It’s two games into the season. Belt is sick with the flu and Arias is a utility guy who, well, was utilized as a backup.

But do you know what two games into the season means? Continue reading

Buster Posey: Giant For Life (Or Close To It)

We'll be seeing a lot more of this. (Image via the fine folks at McCovey Chronicles.)

We’ll be seeing a lot more of this. (Image via the fine folks at McCovey Chronicles.)

Just read that headline folks. Soak it in. Revel in it. Maybe roll around in it like it’s some sort of really good smelling bubble bath. Buster Posey is ours and will be for a good long time.

Per the Giants via Alex Pavlovic of the Mercury News (as well as all the usual suspects), Posey and the Giants have agreed to an eight year, $167M extension beyond the previously negotiated $8M contract for 2013, plus a potential club option for 2022, which would bring the total value of the deal to $189M, not including performance bonuses. The deal also includes a full no-trade clause. The deal was, of course, announced during the annual Playa Ball luncheon while Buster was signing autographs for adorable children, further convincing all of us that he really is a super hero. Has anyone seen him and Captain America in the same place at the same time? I rest my case.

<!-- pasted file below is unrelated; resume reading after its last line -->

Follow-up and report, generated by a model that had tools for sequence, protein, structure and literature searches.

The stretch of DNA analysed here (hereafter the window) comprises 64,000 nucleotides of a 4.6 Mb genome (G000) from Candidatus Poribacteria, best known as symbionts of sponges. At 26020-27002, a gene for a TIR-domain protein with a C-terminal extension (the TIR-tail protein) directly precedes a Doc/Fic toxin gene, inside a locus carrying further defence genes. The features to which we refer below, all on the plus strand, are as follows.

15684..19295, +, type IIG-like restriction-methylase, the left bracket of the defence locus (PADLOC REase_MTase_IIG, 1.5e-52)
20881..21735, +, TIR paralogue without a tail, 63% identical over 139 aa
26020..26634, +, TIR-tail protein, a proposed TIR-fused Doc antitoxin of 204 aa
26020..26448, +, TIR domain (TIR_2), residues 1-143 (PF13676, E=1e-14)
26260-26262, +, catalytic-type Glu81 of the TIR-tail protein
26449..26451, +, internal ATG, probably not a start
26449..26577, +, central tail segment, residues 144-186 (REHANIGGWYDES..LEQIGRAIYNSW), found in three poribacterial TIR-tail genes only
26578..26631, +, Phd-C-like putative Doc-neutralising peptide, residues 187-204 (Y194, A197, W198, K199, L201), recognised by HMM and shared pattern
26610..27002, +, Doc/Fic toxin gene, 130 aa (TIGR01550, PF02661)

If ever there was a time to feel secure in forking over for one of the really nice jerseys, this is it, folks.

2013 Giants ZiPS Projections – Hitters

January is projections season. There are a whole mess of projection systems out there, but the system that is generally considered to be the most accurate, as well as the most widely available, is Dan Szymborski’s ZiPS, which are being released on Fangraphs this year. While you, the dear reader, have likely taken a glance at these already – they’re a month old, after all – I’d like to share a couple thoughts on the projections for the Giants this year.